A Pennsylvania company says it can no longer afford to provide sufferers of Lou Gehrig's Disease with an experimental drug that many believe prolongs life, prompting fear and anger as patients scramble to find alternatives.
Cephalon Inc., of West Chester, Pa., began notifying 159 patients last week that their last shipment of the experimental drug Myotrophin will arrive this month.
It is the latest development in an emotional three-year controversy over Myotrophin, a drug patients clamor for even though its maker has never proved to the Food and Drug Administration that the medicine is effective.
"They have taken away life," was the reaction of Kyle Hahn, of Trenton, Ohio, who painstakingly spelled out that sentence, a letter at a time, by nodding his head.
Lou Gehrig's Disease has paralyzed much of Hahn's body, including his vocal cords. He believes Myotrophin helped him because he had almost lost the ability to swallow before using it, but now eats with little trouble and has regained 16 pounds, said Hahn's friend, Terry Frank, who translated his communication.
Patients are furious because Myotrophin gave them hope against a hopeless disease, said Abbey Meyers, president of the National Organization for Rare Disorders, which ran Cephalon's special Myotrophin access program. She read a letter from one Myotrophin user that said by stopping the program, "you're murdering people."
But testimonials do not prove a drug works. Although scientific study suggested Myotrophin might offer about three months of better health, a second study found absolutely no benefit.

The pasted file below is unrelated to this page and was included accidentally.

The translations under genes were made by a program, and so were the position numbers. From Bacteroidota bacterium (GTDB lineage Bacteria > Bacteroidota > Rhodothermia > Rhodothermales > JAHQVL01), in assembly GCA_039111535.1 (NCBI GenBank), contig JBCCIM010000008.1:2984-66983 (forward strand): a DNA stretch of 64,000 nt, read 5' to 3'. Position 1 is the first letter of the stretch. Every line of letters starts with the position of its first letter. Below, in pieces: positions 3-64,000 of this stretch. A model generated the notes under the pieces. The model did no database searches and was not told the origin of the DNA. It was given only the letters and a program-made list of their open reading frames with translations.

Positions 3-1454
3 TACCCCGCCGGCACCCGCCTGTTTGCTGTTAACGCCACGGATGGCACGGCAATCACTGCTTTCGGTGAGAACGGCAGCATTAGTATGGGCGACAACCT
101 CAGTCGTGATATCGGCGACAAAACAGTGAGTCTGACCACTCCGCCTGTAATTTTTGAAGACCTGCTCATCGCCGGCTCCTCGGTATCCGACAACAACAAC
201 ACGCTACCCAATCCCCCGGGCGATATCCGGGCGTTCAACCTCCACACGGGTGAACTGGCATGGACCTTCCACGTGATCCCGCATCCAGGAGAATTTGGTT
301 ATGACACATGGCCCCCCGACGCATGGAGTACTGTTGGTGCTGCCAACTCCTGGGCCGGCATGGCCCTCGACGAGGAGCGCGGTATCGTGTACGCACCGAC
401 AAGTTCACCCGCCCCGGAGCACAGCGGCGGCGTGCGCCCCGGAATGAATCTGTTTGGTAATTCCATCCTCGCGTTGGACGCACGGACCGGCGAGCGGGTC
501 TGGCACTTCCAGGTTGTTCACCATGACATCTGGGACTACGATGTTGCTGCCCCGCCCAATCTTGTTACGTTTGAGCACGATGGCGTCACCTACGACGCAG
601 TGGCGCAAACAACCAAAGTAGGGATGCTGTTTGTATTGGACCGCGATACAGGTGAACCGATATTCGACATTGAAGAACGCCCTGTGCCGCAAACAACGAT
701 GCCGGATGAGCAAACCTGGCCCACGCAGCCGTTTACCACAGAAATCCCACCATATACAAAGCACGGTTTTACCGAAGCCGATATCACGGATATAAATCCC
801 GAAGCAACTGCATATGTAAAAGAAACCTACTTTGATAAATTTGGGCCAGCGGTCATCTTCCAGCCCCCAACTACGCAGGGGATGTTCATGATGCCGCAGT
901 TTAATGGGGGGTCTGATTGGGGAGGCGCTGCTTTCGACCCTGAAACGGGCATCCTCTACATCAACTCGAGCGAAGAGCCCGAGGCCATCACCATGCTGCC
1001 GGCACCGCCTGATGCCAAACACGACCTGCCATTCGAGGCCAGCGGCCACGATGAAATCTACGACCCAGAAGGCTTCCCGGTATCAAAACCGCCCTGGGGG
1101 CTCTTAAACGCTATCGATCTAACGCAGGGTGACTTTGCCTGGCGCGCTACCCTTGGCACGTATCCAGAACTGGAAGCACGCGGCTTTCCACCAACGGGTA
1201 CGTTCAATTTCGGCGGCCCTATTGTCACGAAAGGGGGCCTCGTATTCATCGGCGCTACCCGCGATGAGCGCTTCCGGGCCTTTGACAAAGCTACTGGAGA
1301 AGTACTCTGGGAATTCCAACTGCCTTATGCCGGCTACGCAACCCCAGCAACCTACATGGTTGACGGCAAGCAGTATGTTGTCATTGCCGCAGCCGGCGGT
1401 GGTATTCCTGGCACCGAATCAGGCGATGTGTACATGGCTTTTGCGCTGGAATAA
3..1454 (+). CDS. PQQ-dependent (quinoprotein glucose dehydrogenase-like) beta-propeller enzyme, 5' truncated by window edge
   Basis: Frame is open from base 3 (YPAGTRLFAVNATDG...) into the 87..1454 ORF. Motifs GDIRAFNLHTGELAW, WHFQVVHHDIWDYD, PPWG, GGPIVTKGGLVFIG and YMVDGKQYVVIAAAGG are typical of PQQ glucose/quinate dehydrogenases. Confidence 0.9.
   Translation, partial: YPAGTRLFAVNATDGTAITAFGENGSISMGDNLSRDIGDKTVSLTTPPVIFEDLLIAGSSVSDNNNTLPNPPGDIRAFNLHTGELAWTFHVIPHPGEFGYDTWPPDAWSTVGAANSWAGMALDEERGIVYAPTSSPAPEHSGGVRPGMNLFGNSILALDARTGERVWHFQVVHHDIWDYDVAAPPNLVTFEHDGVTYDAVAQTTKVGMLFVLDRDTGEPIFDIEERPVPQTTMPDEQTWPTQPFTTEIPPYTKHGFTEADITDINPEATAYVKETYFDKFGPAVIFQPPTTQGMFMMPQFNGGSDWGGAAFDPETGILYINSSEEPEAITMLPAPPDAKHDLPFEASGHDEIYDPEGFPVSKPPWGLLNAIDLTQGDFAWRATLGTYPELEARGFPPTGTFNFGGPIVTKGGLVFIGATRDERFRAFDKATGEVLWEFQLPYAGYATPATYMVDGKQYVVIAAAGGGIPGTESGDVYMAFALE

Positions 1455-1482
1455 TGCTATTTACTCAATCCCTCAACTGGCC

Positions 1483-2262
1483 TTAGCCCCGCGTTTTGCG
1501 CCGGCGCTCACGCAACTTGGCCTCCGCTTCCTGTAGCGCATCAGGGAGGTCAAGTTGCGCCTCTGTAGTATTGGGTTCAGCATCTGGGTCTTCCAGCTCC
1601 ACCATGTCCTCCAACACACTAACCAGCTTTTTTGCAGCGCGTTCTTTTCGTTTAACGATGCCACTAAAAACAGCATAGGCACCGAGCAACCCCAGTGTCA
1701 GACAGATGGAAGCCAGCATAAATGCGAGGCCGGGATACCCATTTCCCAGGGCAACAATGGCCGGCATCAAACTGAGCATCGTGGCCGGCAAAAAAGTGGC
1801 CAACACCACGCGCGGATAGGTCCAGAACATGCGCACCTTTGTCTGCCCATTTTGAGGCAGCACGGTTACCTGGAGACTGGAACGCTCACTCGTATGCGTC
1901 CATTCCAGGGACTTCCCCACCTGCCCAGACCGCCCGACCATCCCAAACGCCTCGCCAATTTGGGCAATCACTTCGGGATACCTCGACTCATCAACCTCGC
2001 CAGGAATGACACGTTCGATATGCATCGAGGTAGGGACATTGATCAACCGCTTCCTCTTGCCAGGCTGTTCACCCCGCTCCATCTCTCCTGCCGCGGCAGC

Myotrophin is a genetically engineered growth factor that proponents hoped would protect nerve cells from destruction by Lou Gehrig's Disease, formally known as amyotrophic lateral sclerosis or ALS. That nerve destruction causes progressive, ultimately fatal, paralysis. There is only one somewhat helpful treatment, called Rilutek.
When the conflicting Myotrophin results emerged in 1997, the FDA and its independent scientific advisers urged Cephalon to perform a tie-breaking study, but the company refused, saying it had already spent enough money on the drug.
In a classic clash of emotion versus science, feeble patients, many in wheelchairs, picketed the FDA, demanding the drug anyway. The government allowed Cephalon to provide the drug free to desperate patients until the scientific battle is settled, but so many patients wanted the small supply that Cephalon held a lottery.
Last week, Cephalon wrote the 159 Myotrophin users that it cannot afford to continue the program because it has no sign the drug will be approved any time soon.
A Japanese company is finishing its own study of Myotrophin, and results are expected next year. If they are positive, Cephalon could ask the FDA to reevaluate Myotrophin.
The FDA was surprised by Cephalon's decision to stop its drug access program, said deputy drug chief Rachel Behrman. But she said Cephalon has told the agency that patients' final December shipment should contain a four-month supply, giving them time to search for other treatments.